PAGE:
In the 2024 Proposed PFS Rule released in July 2023, CMS outlined a new option for MSSP participants to report quality measures called the Medicare CQM option. CMS created this reporting option to address concerns raised by ACOs and others, while still transitioning ACOs toward digital quality measure reporting.
Read on to learn more about the new proposed option for MSSP participants.
The Medicare CQM option aims to help ACOs build the infrastructure, skills, knowledge, and expertise to move toward reporting all-payer/all-patient MIPS CQMs and eCQMs in the future. Specifically, Medicare CQMs address the concern raised by ACOs that the broader all-payer/all-patient eligible population would require the capture and inclusion of beneficiaries with no primary care relationship to the ACO. The proposed Medicare CQM reporting collection type allows ACOs to use Medicare Part A and B claims to identify the reporting population and validate patient matching and deduplication efforts before moving to the larger reporting population.
Moving towards a larger reporting population
CMS indicates this is a steppingstone toward a larger reporting population. They want to not only eventually include the larger population, but to also align more tightly with the new measures Universal Foundation, including additional standard measures that exist across all CMS programs. While this proposed reporting option reduces some of the burden with the number of patients included, the infrastructure and intention of the measures and reporting remain.
Allowing ACOs to include a limited set of patients
The Medicare CQM reporting option is proposed to allow ACOs to include a limited set of patients, the ACO FFS beneficiaries, in the reporting population. ACOs should have an easier lift to identify these patients, rather than capturing all patients that have been seen during the year by all providers. They still will need to reach across all providers and all systems to gather the needed quality measure data.
Once annually, at the end of the reporting year, CMS will provide ACOs a list of ACO-attributed beneficiaries. This list is intended as a helpful tool, not a definitive list, for identifying the appropriate patient population. It will serve as a good double-check, but not a source document.
CMS admits this list of beneficiaries won’t be finalized at that point. ACOs will need to ensure that the beneficiaries reported form a complete list. Beneficiaries are defined as those billed patients who meet criteria to be assigned to the ACO with at least 1 claim during the reporting year with a physician, NPP (PA, NP, or CNS), or specific specialty, where the beneficiary designated the ACO provider as their PCP.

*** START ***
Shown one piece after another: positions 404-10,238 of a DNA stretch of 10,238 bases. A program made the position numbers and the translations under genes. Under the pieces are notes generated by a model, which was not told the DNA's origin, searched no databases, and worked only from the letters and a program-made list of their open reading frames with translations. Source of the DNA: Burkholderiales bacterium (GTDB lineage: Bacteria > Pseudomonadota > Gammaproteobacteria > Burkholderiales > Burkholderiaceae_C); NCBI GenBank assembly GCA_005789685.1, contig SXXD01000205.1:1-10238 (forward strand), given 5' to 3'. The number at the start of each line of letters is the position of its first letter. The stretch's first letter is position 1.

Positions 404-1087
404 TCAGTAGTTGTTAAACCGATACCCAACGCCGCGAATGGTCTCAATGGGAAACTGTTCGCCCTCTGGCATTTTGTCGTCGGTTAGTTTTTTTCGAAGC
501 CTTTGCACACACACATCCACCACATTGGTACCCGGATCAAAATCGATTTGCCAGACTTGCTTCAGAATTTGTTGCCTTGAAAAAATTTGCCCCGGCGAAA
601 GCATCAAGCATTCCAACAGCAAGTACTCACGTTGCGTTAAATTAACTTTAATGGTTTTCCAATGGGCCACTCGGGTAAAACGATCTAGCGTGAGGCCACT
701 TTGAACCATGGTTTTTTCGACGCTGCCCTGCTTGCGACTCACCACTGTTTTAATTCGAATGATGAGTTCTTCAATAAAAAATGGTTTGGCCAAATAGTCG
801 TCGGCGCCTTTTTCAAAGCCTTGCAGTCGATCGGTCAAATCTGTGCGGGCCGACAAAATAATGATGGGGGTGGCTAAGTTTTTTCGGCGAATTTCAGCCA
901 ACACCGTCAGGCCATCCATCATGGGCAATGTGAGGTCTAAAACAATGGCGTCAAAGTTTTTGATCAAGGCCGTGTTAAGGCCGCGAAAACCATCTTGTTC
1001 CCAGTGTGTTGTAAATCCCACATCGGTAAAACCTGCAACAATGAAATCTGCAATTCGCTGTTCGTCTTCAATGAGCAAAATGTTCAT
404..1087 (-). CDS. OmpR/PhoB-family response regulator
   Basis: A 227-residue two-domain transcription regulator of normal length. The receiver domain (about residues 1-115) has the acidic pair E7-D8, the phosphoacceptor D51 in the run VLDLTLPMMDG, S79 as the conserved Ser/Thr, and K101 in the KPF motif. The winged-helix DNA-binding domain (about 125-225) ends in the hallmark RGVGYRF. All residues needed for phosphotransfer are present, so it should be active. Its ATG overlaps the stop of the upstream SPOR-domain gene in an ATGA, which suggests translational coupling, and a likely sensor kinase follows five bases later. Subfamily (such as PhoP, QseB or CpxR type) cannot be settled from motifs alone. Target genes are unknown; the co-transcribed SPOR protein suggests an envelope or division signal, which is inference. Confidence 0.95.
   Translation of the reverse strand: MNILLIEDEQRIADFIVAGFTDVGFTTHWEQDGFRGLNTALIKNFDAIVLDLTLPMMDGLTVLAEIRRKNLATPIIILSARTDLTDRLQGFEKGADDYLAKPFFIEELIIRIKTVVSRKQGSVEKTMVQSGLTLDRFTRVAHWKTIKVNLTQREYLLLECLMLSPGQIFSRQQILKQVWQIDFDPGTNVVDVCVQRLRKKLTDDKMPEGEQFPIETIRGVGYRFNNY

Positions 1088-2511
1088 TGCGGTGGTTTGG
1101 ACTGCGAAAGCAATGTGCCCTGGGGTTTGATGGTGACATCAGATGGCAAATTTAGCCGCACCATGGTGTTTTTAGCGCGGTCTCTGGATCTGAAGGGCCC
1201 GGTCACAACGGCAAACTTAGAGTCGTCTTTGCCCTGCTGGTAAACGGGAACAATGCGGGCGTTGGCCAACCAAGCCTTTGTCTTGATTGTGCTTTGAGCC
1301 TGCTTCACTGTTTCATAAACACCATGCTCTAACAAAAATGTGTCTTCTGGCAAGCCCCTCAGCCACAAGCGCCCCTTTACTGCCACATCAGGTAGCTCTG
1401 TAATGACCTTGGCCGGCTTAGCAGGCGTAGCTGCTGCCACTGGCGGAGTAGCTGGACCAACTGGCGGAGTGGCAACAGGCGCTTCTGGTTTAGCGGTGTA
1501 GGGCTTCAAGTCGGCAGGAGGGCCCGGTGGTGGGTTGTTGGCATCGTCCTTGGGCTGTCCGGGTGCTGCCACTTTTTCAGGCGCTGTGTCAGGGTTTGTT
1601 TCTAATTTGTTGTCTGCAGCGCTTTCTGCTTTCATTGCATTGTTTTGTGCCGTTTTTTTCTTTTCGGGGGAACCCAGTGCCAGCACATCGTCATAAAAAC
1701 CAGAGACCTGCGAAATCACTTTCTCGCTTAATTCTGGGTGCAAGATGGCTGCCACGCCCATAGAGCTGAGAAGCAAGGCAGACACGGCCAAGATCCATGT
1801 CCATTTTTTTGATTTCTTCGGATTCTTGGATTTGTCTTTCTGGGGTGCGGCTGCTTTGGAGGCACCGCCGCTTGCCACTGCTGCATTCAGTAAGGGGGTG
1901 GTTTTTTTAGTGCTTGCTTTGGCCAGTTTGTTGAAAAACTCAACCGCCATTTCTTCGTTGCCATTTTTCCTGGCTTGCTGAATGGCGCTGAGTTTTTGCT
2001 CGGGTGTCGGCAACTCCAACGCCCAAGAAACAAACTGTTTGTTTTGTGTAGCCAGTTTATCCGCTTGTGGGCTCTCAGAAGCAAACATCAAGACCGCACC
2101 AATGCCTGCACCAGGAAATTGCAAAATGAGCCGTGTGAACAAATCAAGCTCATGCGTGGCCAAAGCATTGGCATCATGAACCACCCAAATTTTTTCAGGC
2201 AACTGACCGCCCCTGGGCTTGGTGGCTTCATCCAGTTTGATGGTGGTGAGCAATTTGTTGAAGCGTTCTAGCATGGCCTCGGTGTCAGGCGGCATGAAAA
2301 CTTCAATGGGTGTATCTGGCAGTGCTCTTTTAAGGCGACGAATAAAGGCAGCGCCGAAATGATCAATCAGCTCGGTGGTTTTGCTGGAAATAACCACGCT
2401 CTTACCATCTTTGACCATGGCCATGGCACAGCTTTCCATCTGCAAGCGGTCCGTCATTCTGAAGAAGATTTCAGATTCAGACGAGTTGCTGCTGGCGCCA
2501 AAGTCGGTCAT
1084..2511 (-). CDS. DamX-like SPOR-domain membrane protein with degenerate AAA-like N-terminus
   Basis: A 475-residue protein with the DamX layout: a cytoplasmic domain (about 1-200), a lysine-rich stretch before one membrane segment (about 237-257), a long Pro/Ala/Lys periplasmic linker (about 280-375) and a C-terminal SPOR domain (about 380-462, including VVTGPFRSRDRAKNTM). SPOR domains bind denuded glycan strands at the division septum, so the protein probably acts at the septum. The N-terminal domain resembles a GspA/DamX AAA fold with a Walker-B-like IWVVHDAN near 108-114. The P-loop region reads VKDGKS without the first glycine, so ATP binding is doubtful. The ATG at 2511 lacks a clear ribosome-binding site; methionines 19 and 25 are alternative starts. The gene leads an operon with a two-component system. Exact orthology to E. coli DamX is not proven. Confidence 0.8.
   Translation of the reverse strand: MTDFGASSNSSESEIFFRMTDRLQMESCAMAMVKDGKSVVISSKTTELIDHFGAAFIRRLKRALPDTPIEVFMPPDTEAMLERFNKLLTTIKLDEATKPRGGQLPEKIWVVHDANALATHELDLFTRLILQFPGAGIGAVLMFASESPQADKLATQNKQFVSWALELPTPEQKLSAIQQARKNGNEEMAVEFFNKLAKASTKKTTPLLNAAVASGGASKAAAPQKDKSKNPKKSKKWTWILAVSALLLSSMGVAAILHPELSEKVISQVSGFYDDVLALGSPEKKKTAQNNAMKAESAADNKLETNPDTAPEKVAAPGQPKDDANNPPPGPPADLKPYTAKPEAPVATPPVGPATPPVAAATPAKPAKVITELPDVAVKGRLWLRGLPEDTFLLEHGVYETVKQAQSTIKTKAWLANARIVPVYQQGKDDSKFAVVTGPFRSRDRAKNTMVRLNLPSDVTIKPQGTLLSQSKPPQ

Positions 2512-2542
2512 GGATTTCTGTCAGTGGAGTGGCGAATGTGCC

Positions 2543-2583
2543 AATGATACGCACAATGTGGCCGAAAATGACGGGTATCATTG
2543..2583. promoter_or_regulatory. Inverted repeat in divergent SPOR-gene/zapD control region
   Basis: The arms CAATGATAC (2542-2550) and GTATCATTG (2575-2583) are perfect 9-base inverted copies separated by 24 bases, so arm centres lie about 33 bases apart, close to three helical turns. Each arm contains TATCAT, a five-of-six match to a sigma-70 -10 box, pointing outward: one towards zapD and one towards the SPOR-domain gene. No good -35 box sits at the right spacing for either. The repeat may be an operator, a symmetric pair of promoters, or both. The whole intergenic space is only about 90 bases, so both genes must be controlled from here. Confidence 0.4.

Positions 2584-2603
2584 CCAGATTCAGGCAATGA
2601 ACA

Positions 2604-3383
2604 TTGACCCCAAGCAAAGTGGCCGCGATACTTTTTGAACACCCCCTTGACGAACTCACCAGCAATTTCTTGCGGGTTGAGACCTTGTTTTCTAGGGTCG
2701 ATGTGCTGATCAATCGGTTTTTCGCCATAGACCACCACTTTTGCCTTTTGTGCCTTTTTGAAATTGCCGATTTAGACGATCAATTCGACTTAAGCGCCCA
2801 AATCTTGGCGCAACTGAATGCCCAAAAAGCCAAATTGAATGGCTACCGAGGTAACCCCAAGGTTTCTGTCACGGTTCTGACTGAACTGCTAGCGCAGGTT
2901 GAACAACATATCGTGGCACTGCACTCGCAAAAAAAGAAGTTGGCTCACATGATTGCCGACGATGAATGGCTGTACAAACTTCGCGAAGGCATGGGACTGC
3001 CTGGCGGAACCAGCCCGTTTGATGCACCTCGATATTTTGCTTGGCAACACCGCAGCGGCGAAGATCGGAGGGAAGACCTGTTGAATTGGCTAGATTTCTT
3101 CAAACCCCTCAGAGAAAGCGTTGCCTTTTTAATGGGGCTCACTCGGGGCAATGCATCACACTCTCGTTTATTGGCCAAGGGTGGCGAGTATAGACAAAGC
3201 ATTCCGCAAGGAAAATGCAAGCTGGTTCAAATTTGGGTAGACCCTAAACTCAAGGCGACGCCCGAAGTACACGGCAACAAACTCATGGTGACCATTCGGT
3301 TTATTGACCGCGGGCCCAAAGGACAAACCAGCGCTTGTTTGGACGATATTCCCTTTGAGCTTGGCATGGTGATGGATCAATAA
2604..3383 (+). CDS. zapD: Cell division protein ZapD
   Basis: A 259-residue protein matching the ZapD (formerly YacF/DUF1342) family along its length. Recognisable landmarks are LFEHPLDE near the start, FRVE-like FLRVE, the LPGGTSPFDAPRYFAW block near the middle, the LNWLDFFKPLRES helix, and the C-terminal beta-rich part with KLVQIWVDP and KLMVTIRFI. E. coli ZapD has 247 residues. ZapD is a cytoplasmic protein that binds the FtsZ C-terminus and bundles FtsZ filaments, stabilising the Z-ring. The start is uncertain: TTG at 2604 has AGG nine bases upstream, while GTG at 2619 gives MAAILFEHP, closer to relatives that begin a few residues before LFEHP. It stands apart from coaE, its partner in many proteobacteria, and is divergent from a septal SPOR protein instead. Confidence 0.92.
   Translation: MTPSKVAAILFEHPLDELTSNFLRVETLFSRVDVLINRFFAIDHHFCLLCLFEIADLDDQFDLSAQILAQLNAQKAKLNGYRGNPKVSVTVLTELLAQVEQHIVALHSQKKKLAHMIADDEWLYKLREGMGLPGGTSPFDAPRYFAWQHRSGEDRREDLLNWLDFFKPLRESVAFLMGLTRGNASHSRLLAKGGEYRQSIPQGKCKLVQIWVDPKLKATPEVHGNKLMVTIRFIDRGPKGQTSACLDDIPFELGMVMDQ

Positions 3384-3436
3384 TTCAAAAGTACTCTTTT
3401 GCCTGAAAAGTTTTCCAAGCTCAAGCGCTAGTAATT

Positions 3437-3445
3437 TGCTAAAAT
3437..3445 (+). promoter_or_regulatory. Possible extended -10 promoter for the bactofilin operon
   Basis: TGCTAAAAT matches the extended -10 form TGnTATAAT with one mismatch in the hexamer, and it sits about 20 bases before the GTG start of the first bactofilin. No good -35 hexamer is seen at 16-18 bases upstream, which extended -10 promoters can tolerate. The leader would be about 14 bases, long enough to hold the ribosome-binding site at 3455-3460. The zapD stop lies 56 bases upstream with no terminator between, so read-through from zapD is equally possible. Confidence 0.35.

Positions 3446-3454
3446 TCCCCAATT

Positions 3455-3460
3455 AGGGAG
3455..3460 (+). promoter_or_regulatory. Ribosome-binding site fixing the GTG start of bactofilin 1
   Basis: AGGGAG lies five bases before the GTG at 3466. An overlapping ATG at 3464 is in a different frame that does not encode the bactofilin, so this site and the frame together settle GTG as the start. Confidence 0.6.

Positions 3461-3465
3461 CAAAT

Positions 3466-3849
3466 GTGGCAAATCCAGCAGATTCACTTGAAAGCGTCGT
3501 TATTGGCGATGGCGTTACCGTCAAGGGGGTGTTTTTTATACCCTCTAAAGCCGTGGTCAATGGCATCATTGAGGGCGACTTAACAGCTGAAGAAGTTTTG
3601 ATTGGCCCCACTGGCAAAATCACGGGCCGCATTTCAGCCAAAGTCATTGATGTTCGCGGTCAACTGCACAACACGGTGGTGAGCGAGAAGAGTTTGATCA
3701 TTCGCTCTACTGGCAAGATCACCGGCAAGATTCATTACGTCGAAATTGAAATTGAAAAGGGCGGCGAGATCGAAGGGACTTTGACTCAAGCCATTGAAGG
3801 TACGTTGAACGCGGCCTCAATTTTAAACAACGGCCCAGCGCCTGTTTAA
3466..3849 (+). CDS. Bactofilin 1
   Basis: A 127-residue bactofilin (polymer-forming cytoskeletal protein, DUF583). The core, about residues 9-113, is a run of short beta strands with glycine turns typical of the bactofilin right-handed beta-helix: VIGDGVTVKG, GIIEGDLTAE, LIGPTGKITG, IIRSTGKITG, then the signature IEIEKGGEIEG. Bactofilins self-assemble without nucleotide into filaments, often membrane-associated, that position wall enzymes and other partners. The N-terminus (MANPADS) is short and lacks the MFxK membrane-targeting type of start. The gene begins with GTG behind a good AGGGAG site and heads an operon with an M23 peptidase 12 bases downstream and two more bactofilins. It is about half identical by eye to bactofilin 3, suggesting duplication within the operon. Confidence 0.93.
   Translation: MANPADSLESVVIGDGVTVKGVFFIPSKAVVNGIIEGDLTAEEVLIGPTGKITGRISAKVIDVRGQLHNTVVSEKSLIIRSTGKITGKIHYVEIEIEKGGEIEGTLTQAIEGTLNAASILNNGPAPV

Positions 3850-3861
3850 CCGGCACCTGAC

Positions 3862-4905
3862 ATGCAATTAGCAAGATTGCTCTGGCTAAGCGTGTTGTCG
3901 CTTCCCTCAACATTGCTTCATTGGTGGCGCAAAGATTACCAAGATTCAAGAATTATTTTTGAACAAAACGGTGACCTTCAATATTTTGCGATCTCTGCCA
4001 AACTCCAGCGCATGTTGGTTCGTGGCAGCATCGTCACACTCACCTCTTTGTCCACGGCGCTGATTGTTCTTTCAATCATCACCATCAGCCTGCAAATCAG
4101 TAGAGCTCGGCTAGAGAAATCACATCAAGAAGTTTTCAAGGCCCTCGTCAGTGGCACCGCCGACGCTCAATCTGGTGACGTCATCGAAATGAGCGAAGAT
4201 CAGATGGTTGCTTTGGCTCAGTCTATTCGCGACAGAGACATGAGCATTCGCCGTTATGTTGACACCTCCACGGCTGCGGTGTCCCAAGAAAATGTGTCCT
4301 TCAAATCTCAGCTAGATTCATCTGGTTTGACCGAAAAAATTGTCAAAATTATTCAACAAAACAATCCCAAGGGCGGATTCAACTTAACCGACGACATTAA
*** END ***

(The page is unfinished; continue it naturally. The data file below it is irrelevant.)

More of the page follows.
Comparison of Traditional CQMs/eCQMs and Medicare CQMs
Some implications of the new Medicare CQMs
Smaller reporting population (denominator) than traditional CQMs/eCQMs established
ACOs have a smaller reporting population. It’s easier to identify the population for the denominator of measures to be reported. If an ACO has 20,000 attributed beneficiaries but a total patient population of 100,000, this is a more manageable dataset to work with for quality measure calculation and validation.
Reporting complexity remains the same
The complexity of combining data from multiple EHRs and other data sources may still apply to Medicare CQMs. Data from all providers in the ACO, across all EHRs/records for those providers, must be aggregated. One helpful datapoint, however, is all Medicare CQM patients will have a Medicare Identifier, which can help with data combination, patient matching, and deduplication. But we do need to remember that we still will need to expand to other patients with no Medicare Identifier in the future.
Medicare CQMs don’t negate the need to plan for all-payer/all-patient reporting
Depending on your reporting platform, we recommend that ACOs continue to pursue the all-patient/all-payer CQM and eCQM reporting collection type, as it’s the end goal of CMS. We also recommend extracting and tracking the Medicare CQMs. This is a subset of the full data and should be available for analysis and action.
Working this smaller population will assist ACOs in developing successful strategies for tracking, closing gaps, and reporting. CMS is anxious to have ACOs succeed with this reporting mechanism (our opinion) and will provide tools such as beneficiary lists to assist in this transition.
Benchmarking will be impacted
For the first 2 years of this proposed Medicare CQM reporting collection type, the collection type will be benchmarked against the historical data for all reporters in the QPP MIPS program. That should benefit ACOs, as the managed patients will have higher quality scores.
After the first 2 years, the Medicare CQMs will have their own benchmarks. This could hurt ACOs, as the benchmarks will be higher. Remember, ACOs need to achieve a score higher than the 40th percentile for the measures.
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